Ottawa

Auto repair workshop 1st stop for women on journey from violence

Ottawa women — some fleeing domestic violence — will soon be equipped with the necessary tools to navigate the male-dominated world of car repairs and sales.

Ottawa organization teaching women to fix cars, negotiate deals

Mechanic Kathy Ewen teaches a group of women during a workshop session in 2018. (Elsy David/WISE)

A group of Ottawa women will soon be equipped with the tools they need to confidently make car repairs, verify whether a mechanic has completed a job properly and negotiate deals when buying a new vehicle.

The women — mostly survivors of violence — will be picking up the skills at a series of Women on Wheels workshops hosted by the Women's Initiatives for Safer Environments (WISE). The first session revved up Tuesday, helping women navigate an industry typically dominated by men. 

Elsy David, the organization's program director, told CBC Radio's Ottawa Morning she was moved to start the free workshops in 2016 after hearing from women struggling to rebuild their lives, often with limited resources and children in tow. 

"They felt anxious about second-hand cars that were breaking down and how that was sort of becoming a hindrance towards them getting the level of independence that they needed in order to start over," David said.

While the sessions are geared toward those who have experienced domestic violence, they are open to any women wishing to attend. This year, more than a dozen participants will learn basic repairs like changing a flat tire, installing a new windshield wiper and replacing a car's air filter. They'll also be given tips on how to get the best bang for their buck when paying for more complicated services. 

Elsy David, program director at Women's Initiatives for Safer Environments, says gaining skills in car repairs and sales can boost overall confidence for women fleeing violent situations. (Raisa Patel/CBC)

Success at negotiating table

The workshops will also focus on how to fight for a fair deal when buying a car, whether it's a second-hand purchase or a new vehicle. 

Many women felt uncomfortable in that world of negotiation.- Elsy David, WISE

After making a new purchase, women told David that they later realized they paid more than they should have. She said that happens, in part, because women feel nervous when it comes to asserting themselves at the negotiating table.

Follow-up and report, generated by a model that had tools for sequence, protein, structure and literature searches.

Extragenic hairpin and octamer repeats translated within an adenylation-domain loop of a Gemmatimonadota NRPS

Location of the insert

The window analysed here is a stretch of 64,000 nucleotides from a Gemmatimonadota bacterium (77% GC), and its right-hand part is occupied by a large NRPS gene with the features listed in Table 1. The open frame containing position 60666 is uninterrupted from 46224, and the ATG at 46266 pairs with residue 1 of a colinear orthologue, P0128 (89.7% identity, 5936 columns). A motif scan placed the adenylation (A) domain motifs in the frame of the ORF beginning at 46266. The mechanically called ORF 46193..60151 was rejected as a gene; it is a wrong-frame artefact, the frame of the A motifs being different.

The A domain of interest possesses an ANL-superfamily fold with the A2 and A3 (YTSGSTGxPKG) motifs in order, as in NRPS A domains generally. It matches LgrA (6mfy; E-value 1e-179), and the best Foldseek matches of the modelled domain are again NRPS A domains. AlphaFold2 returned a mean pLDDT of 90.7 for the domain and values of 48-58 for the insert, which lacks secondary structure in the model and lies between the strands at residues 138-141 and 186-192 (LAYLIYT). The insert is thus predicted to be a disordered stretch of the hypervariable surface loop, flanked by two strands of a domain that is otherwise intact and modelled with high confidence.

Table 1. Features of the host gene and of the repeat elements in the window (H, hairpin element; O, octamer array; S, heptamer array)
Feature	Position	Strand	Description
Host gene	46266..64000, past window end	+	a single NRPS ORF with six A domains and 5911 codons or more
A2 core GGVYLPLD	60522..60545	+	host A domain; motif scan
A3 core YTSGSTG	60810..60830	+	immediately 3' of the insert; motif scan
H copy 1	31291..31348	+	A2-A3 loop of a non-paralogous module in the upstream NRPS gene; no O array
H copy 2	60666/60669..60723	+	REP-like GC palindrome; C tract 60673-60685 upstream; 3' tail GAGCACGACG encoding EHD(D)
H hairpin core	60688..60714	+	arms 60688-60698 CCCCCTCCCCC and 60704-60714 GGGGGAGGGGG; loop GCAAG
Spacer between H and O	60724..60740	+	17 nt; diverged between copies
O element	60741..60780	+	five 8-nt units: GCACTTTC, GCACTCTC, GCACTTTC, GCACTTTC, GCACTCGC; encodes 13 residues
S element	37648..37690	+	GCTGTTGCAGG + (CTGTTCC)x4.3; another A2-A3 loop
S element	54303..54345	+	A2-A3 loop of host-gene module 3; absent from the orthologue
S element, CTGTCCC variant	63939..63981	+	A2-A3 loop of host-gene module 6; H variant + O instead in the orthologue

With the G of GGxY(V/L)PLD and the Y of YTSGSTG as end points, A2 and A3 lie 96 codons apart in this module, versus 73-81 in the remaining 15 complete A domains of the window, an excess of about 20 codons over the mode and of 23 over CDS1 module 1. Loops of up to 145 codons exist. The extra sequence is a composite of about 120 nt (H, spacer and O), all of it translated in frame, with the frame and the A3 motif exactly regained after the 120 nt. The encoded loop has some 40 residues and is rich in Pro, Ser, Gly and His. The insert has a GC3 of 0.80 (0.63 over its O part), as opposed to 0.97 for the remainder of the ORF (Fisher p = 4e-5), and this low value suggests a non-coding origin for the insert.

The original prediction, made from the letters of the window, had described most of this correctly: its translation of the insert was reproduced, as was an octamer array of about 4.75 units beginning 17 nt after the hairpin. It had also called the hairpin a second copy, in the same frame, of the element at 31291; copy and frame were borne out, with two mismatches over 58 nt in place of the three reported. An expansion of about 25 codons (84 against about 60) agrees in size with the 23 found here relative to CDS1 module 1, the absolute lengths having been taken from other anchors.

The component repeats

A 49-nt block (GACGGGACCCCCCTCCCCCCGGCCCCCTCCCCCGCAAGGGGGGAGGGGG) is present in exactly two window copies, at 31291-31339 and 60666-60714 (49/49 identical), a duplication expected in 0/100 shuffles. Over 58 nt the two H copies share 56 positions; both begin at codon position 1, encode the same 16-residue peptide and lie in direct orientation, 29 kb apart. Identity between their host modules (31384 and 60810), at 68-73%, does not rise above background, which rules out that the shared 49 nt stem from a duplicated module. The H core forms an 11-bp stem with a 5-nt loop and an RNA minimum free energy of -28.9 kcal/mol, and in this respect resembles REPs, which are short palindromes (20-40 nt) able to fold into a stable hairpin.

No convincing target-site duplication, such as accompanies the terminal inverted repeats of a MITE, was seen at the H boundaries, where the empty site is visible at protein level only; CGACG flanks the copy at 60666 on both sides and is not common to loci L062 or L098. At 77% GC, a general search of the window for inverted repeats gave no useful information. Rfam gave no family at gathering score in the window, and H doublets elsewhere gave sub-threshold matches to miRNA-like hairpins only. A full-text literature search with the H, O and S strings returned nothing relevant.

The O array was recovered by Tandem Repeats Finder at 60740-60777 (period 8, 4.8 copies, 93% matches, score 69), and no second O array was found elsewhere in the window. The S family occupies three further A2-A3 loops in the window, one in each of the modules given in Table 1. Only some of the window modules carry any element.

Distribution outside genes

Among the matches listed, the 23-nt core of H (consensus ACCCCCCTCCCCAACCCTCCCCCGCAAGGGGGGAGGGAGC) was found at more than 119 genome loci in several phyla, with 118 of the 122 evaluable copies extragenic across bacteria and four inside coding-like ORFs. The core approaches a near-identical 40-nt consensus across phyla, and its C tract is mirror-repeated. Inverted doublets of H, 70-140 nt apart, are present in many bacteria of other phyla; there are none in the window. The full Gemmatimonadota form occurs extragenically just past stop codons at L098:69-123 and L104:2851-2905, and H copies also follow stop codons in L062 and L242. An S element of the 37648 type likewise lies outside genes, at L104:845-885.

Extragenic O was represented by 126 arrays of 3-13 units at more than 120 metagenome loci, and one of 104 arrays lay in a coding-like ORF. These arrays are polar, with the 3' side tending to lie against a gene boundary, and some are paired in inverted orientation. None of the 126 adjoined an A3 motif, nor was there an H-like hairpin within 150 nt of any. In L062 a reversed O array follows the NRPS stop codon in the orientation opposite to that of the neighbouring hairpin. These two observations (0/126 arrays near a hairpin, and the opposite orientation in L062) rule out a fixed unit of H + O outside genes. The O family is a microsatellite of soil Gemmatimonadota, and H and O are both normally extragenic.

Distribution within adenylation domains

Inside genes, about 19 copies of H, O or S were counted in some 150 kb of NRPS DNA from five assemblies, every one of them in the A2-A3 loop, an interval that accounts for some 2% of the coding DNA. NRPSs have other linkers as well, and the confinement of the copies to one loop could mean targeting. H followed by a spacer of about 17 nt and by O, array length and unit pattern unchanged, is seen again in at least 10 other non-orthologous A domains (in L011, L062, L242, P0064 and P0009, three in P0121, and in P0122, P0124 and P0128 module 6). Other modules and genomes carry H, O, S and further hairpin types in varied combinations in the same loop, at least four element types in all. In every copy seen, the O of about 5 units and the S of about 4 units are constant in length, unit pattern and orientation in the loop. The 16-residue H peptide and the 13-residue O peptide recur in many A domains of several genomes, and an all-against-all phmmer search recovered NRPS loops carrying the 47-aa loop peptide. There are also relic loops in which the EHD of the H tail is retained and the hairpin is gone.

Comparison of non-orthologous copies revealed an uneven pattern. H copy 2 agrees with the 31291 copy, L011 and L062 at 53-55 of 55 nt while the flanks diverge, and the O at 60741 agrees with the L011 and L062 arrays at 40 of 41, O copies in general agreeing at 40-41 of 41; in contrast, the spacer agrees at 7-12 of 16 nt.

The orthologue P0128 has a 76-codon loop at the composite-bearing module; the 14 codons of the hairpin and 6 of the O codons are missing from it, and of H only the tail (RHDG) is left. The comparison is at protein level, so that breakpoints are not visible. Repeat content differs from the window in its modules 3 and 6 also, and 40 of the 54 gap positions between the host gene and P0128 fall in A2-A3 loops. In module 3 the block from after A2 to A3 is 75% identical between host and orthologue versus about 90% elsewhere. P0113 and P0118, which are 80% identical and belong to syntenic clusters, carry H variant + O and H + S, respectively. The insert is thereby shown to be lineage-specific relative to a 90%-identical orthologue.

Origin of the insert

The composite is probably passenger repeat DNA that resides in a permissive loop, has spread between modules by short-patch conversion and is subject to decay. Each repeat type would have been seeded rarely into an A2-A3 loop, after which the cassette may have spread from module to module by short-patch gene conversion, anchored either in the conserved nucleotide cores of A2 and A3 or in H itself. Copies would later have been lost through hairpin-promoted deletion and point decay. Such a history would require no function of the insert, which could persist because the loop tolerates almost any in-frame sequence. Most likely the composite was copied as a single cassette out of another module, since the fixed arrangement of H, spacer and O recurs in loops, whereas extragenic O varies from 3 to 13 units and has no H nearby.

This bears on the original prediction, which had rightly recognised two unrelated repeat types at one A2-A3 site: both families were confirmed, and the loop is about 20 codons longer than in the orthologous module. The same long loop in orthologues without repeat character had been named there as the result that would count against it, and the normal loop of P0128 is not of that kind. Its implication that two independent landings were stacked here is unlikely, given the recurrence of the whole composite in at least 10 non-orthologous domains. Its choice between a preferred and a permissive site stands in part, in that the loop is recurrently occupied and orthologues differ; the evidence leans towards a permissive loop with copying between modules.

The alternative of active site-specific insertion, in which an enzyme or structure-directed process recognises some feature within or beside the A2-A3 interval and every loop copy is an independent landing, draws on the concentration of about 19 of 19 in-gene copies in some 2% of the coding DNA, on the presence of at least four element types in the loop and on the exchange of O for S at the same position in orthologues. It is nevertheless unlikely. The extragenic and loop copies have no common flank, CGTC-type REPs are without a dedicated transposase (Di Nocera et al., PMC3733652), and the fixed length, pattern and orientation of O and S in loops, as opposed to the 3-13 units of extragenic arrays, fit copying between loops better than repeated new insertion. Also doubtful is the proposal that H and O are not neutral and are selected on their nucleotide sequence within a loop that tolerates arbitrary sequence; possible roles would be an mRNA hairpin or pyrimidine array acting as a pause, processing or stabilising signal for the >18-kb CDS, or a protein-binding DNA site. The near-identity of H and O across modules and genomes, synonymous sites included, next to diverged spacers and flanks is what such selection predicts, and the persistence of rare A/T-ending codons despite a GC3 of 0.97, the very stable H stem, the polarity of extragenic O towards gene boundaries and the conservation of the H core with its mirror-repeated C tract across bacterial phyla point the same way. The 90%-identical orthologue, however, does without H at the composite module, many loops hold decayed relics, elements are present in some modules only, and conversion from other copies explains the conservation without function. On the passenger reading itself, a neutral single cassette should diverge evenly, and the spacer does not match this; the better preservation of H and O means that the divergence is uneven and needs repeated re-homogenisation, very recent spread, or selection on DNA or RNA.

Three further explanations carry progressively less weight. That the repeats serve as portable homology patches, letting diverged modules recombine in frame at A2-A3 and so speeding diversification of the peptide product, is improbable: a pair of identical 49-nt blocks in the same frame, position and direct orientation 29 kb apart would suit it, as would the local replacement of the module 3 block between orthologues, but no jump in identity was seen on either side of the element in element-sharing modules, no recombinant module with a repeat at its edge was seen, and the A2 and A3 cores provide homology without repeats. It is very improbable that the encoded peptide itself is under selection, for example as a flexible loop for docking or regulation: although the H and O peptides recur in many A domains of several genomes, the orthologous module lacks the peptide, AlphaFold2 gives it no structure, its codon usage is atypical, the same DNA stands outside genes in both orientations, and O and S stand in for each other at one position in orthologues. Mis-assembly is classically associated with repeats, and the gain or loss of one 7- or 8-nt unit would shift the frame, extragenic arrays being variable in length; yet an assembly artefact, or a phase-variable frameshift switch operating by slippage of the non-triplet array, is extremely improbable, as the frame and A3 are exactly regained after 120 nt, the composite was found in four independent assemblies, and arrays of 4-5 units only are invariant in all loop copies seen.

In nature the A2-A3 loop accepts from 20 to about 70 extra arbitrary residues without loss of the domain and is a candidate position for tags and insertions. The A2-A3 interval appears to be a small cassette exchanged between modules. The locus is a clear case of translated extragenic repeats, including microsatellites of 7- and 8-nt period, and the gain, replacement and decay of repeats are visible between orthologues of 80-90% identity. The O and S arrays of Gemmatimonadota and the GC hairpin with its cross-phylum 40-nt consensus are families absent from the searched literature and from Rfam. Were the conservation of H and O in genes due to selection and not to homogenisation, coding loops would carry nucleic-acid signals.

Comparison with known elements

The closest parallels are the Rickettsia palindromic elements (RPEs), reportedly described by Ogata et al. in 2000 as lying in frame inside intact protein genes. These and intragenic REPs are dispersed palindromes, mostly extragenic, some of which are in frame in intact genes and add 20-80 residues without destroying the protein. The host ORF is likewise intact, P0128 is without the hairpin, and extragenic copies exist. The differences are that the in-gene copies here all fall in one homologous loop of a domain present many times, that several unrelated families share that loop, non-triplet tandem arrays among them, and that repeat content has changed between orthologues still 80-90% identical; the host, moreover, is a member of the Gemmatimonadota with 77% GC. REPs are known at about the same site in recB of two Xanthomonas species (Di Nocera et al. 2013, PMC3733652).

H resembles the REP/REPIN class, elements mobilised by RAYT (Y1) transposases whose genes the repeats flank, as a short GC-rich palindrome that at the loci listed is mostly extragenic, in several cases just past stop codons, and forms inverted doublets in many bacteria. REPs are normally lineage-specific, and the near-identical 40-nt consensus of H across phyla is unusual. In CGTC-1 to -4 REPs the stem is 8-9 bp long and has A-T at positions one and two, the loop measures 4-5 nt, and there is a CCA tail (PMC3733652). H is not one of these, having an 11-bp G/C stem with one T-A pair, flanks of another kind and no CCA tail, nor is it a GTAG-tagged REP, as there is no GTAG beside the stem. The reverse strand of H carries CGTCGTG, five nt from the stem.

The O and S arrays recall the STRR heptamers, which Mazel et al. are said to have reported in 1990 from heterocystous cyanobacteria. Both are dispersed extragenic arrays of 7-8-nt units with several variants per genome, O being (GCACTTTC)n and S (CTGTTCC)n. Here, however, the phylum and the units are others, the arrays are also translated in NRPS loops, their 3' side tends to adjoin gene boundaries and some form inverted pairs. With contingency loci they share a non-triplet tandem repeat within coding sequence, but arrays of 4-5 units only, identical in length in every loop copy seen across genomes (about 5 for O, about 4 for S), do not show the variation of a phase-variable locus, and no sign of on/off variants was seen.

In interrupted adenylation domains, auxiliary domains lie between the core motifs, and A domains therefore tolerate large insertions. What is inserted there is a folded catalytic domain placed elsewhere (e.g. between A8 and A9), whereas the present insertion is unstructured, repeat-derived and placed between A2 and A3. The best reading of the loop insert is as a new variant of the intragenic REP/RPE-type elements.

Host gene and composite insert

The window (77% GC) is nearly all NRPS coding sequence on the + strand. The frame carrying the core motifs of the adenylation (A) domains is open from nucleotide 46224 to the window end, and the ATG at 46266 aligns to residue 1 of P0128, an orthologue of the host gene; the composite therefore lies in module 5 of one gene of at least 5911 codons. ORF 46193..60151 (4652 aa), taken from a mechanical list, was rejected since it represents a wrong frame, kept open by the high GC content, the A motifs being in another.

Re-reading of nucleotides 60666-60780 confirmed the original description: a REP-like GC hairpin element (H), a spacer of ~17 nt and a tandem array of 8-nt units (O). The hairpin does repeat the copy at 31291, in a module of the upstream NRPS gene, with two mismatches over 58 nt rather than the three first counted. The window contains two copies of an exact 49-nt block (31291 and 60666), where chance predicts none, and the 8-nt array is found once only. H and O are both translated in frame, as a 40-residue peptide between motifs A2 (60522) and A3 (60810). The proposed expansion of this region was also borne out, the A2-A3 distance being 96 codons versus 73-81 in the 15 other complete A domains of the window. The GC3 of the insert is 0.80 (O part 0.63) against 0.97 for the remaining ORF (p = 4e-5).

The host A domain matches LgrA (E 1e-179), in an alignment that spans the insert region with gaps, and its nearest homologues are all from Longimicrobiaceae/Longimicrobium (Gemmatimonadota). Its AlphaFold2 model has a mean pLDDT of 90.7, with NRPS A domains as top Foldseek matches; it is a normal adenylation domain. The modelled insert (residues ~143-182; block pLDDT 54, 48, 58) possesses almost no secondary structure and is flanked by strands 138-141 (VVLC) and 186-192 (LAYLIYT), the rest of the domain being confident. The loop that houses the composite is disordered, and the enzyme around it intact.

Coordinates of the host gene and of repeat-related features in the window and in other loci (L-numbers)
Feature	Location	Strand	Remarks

"Many women felt uncomfortable in that world of negotiation. Oftentimes when it comes to things that relate to cars, they've always been used to outsourcing that activity to a male figure in their life," David explained.

Women will learn how far they can bring down a car's retail price, how to make sure a vehicle's price tag corresponds to the condition it's in and how to add extra perks to the deal, like free winter tires. 

'Ripple effect' from new skills

The skills participants can gain go beyond basic car knowledge — they contribute to overall empowerment, too. 

David recalled a past participant who experienced a transformation in her confidence after attending the workshops last year.

"She described herself as feeling meek at the beginning when she'd have to go in and say that there's something wrong," David said, adding that the participant now feels much better about entering a repair shop.

"Even the way that the mechanics speak to her is different. That's a very, very serious change in their feeling of empowerment."

WISE's workshops were previously taught by local female mechanic Kathy Ewen. Due to Ewen's unavailability this year,  Women on Wheels will be offered by mechanics at Legacy Auto Centre, which is holding sessions over the next three weeks at their Richmond Road shop.

Registration is full, but organizers suggest checking the WISE Facebook page for further chances to sign up. 

With files from CBC Radio's Ottawa Morning